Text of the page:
Rep. Steve Stockman declared his intention on Monday to challenge Senate Minority Whip John Cornyn in next year's Texas Republican primary, offering voters a choice between a staunchly conservative Republican who says extreme things and Steve Stockman, who is both of those things and much, much more. Stockman would have to work to supplant Texas' junior senator, Ted Cruz, for the most-extreme label. But he'd try.

If you're not familiar with Stockman, you may be familiar with his work. He's the guy who, earlier this year, made the Earth Day declaration that he loved the planet because "if you poke holes in it oil and gas come out." That was what put him on many people's radar, but it was neither the most odd nor the most aggressively conservative thing he's said or done. Mother Jones has an exhaustive list of his most recent 11 months in the House: bumper stickers suggesting babies be armed to prevent abortions, comparing Obama to Saddam Hussein, and so on. (His pre-Congress days, including hiding Valium in his underwear, are even more exotic.) And then there's the question of what Stockman did for a living prior to his election; finance reports refer only to something called "Presidential Trust Marketing."

This is Stockman's third year in the House. His first two were 1995 and 1996 when he was elected in the Gingrich wave and then was promptly voted out. Shortly before his loss, Texas Monthly dubbed him "Congressman Clueless." The reviews at the time were poor.

"A complete nut" was the way one political reporter described him. "Off the reservation," said another. "An embarrassment," according to one congressional aide. "Not the brightest bulb on the Christmas tree," asserted a Democratic party operative.

In the wake of his announced bid for the Senate, a Republican consultant told The Atlantic's Molly Ball why he thought Cornyn — the Senate Minority Whip named the second-most conservative by National Journal — faced a primary. "Well, the honest answer is that he's not crazy."

The still roiling GOP civil war pits far-far-right Tea Party activists against the already-pretty-far-right party mainstream. With a Cornyn-Stockman fight, that split is more obvious than ever before: Stockman's "craziness" centers on things that the grassroots love. Here's how a statement at Stockman2014.com (a site apparently controlled by Stockman) describes the contrast between the two:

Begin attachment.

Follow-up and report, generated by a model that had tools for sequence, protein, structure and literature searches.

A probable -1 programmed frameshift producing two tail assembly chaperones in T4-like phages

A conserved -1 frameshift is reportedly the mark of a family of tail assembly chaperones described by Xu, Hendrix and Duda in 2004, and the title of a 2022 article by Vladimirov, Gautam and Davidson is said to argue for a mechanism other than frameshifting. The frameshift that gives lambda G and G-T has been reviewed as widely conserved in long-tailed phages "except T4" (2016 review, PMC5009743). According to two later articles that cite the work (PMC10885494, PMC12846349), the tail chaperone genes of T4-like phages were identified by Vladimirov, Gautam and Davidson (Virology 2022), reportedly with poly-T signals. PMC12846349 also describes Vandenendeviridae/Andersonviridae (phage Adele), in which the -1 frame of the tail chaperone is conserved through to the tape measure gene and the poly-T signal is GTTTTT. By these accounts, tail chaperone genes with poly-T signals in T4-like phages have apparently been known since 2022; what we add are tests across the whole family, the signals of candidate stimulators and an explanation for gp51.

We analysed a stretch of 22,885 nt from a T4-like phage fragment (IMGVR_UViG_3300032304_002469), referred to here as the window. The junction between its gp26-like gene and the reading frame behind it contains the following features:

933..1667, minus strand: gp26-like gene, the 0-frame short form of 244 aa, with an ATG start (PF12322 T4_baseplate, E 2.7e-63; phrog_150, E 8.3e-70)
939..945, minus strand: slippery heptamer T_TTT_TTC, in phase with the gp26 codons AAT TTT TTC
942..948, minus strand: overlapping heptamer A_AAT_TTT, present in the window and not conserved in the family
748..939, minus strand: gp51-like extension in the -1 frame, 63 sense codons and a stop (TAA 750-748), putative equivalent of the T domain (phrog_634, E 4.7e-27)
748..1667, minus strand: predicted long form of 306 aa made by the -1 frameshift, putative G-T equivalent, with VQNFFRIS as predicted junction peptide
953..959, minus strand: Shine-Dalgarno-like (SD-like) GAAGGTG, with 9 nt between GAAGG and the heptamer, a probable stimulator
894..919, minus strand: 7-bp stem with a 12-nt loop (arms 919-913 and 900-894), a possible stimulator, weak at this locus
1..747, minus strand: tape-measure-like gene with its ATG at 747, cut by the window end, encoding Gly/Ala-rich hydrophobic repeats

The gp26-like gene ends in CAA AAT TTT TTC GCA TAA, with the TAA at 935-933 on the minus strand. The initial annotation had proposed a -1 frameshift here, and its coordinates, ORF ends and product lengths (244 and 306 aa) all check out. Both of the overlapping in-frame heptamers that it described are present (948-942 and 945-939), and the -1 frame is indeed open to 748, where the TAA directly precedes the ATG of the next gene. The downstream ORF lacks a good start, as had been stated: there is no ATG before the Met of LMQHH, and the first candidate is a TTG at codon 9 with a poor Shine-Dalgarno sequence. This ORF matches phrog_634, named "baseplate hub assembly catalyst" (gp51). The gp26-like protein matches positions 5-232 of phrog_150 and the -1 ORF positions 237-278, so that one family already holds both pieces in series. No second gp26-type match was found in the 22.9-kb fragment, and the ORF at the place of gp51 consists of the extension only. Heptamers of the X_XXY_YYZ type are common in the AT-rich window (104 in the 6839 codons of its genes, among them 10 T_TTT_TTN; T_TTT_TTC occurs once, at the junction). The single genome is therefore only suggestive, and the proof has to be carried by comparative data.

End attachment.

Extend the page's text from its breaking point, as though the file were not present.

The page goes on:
"You and I are in a foxhole fighting to save this constitutional Republic, but liberal John Cornyn is bayoneting us in the back," said Stockman. "Liberal John Cornyn betrayed Ted Cruz and worked with Harry Reid to fund Obamacare."

"Liberal John Cornyn wakes up every morning and works to make the Senate a more liberal place. That’s why I am running for the United States Senate. I have a 100% pro-gun, pro-life, conservative voting record in Congress," said Stockman.

The word "liberal" appears six times in that article. Cornyn is liberal because he "voted to fund Obamacare;" that is, he voted to end the shutdown. Even the staunchly conservative and insurgency-friendly Club for Growth passed on backing Stockman, considering Cornyn far enough to the right for their tastes.

That shutdown, of course, was the child of Texas' other senator. Running into the embrace of the far right after his January swearing-in, Ted Cruz toured the country with Heritage Action calling for the government to block any funding for the healthcare policy. "Don't blink" was his mantra, suggesting that it simply took steadfastness to impose that will on the country. This was proven wrong, but Cruz became a hero, seeing his popularity rise on the far-right and in Texas. He's now so popular that he has a coloring book in his honor.

That's a record that Stockman would be hard-pressed to match. In part, that's because Cruz was effective at corralling establishment organizations to support his campaign and, ultimately, the push for the shutdown. If Stockman won, Cruz would almost certainly maintain enough of an edge in rationality that he'd be (somewhat) more effective at pushing far-right policies.

Not that Stockman appears likely to win. As Politico reports, he starts at a massive fundraising disadvantage. And he walks into a different climate than Cruz saw last year. Cruz helped start the civil war that united the forces — like the Chamber of Commerce and Republican Party Senate campaign arm — that will now make Stockman's quixotic bid more challenging. Despite Cornyn's own questionable comments (see Ball's article), the establishment will be on his side.

If Stockman loses the primary, he'll again by a one-term-and-out representative. But his coworkers (if any) at Presidential Trust Marketing will no doubt be glad to have him back.